Stainless Steel vs Carbon Steel – What’s The Difference?

You could say that both carbon steel and stainless steel are ‘modern metals’. That doesn’t mean modern in the sense of new, because carbon steel, in particular, has been manufactured in one form or another since 500AD, when it was first used in sword making. Instead, we’re talking about ‘modern’ in the sense that they’re both used on many contemporary structures, machinery, vehicles and apparatus. From the latest kitchen knives and vehicles through to jaw-dropping architecture, stainless steel and carbon steel, epitomise modernity like no other metals can.

That said, they do have their differences and if you’re trying to understand the right metal to use for your project, then you really need to know what those are.

Varying degrees of alloys – It’s all about the percentages!

The main difference between the two materials is the main element content. Or rather the percentage each holds. Steel as a material is made up both iron and carbon and it’s the carbon percentage that can vary depending upon whether it’s carbon or stainless steel.

For example in steel, the carbon percentage can vary between 0.2% and 2.1%. In addition, when other elements like tungsten, manganese and chromium are added, it affects the inner properties of the metal making it more durable, or having a higher tensile strength, etc.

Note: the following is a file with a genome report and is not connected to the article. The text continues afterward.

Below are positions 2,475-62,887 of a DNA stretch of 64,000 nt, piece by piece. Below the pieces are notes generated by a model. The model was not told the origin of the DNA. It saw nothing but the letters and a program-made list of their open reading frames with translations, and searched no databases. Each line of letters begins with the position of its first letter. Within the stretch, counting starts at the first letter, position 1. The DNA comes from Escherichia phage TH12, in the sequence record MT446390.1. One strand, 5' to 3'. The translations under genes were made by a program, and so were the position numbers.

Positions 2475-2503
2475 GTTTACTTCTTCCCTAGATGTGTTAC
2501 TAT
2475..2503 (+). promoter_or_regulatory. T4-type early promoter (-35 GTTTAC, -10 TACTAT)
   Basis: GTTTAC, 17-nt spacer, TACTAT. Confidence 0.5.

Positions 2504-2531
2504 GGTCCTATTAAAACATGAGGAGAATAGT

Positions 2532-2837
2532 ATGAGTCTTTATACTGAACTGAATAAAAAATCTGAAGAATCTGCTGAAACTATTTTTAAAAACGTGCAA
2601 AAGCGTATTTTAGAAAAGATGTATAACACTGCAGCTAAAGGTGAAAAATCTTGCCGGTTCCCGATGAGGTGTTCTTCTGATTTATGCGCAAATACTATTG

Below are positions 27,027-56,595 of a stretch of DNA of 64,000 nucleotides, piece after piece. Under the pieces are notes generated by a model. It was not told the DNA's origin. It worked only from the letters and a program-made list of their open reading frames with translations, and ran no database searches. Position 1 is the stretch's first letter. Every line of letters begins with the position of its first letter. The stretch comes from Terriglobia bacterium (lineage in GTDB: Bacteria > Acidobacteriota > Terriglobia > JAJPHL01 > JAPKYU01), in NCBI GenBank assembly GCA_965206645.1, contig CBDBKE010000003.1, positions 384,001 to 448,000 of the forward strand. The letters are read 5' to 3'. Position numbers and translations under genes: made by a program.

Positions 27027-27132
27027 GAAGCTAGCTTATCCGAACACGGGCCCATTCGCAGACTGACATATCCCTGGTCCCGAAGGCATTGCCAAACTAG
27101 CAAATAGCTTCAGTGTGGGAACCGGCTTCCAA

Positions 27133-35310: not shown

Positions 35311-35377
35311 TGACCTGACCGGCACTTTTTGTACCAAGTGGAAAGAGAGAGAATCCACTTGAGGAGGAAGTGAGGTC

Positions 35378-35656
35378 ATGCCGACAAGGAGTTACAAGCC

Alternatively, in carbon steel (and as the name suggests) the main element is, of course, carbon! Other elements are present, such as silicone and copper, however unlike steel, these are too low in quantity to affect the internal properties of the metal. That said because carbon steel contains more carbon it does mean that the material is more malleable, has a lower melting point, and has better heat distribution.

So how can you tell at a glance?

When you hold a piece of stainless steel you should notice a lustrous sheen to it. This is increased the more chromium you add until you have a beautifully mirrored, stainless steel finish. On the flip side, carbon steel has a dull greyish matte finish, comparable to a cast iron pot or a wrought iron fence, so it’s unlikely to win any awards in the aesthetics department.

Stainless steel vs carbon steel – best use

As a result, stainless steel is mainly used in construction and design and on many products where aesthetics are key. Whereas, carbon steel is often used in machinery, car parts and manufacturing whereby the metal is hidden from view.

Here at Metro Steel we design and fabricate a wide range of stainless steel apparatus including fence posts, stairs, beams, bollards, and balustrades. We also make parts to order, so if you’re looking for a fabrication depot who can turn your designs into cold hard steel, give our Kabi Circuit fab shop a call on 07 3204 1000 today!

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